Year Published: 2017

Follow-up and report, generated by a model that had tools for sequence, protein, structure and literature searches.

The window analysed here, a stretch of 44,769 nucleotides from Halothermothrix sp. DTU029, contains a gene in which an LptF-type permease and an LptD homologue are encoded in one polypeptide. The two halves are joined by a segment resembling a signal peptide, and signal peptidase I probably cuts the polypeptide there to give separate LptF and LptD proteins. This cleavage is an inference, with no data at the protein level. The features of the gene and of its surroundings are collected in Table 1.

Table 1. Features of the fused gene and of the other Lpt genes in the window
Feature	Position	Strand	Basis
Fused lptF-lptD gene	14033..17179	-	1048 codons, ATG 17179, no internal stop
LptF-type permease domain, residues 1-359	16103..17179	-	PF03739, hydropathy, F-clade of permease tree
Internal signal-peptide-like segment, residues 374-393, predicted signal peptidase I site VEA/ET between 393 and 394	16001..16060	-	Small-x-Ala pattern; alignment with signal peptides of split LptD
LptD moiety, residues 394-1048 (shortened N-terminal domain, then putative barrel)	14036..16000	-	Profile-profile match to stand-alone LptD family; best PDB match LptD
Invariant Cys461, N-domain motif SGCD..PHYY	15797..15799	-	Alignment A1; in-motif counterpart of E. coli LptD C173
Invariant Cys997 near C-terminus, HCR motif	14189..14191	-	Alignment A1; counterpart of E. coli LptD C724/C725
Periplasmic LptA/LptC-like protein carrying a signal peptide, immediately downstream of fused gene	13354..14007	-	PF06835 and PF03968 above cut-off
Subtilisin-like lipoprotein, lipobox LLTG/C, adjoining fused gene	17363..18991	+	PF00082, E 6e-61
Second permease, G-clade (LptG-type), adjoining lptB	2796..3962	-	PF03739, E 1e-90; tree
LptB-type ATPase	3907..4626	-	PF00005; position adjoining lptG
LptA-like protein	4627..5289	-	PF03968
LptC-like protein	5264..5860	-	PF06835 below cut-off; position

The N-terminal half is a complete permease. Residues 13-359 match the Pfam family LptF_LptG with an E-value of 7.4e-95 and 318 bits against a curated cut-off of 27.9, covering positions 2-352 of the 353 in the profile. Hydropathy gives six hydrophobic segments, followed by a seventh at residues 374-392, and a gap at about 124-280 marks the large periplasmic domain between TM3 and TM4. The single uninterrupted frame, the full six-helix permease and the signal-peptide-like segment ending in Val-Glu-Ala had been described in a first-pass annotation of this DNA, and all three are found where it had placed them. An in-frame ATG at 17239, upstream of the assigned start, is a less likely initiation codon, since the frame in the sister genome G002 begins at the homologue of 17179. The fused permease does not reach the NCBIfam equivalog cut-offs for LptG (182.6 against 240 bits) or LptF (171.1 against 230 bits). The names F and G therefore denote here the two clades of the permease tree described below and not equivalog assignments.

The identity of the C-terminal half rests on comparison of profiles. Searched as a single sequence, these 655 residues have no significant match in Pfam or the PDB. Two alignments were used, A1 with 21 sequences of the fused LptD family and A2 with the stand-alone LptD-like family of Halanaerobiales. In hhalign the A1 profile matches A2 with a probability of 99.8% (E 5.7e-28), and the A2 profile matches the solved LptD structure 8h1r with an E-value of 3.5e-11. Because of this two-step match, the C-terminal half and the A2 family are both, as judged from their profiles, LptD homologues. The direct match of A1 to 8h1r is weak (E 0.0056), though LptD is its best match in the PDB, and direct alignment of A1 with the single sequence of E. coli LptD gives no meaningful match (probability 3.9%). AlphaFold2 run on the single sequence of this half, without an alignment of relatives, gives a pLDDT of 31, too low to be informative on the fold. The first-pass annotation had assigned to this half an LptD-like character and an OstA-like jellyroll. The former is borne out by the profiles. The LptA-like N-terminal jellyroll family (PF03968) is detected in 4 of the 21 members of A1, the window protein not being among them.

Description: This study investigates how federal, state, and private corporate forest owners in a fire-prone landscape of southcentral Oregon manage their forests to reduce wildfire hazard and loss to high-severity wildfire. We evaluate the implications of our findings for concepts of social–ecological resilience. Using interview data, we found a high degree of "response diversity" (variation in forest management decisions and behaviors to reduce wildfire losses) between and within actor groups. This response diversity contributed to heterogeneous forest conditions across the landscape and was driven mainly by forest management legacies, economics, and attitudes toward wildfire (fortress protection vs. living with fire). We then used an agent-based landscape model to evaluate trends in forest structure and fire metrics by ownership. Modeling results indicated that, in general, U.S. Forest Service management had the most favorable outcomes for forest resilience to wildfire, and private corporate management the least. However, some state and private corporate forest ownerships have the building blocks for developing fire-resilient forests. Heterogeneity in social–ecological systems is often thought to favor social–ecological resilience. We found that despite high social and ecological heterogeneity in our study area, most forest ownerships do not exhibit characteristics that make them resilient to high-severity fire currently or in the future under current management. Thus, simple theories about resilience based on heterogeneity must be informed by knowledge of the environmental and social conditions that comprise that heterogeneity. Our coupled human and natural systems (CHANS) approach enabled us to understand connections among the social, economic, and ecological components of a multiownership, fire-prone ecosystem, and to identify how social–ecological resilience to wildfire might improve through interventions to address key constraints in the system. Our methods underscore the importance of looking beyond the present to future trajectories of change to fully understand the implications of current natural resource management practices for adaptation and social–ecological resilience to natural disturbances.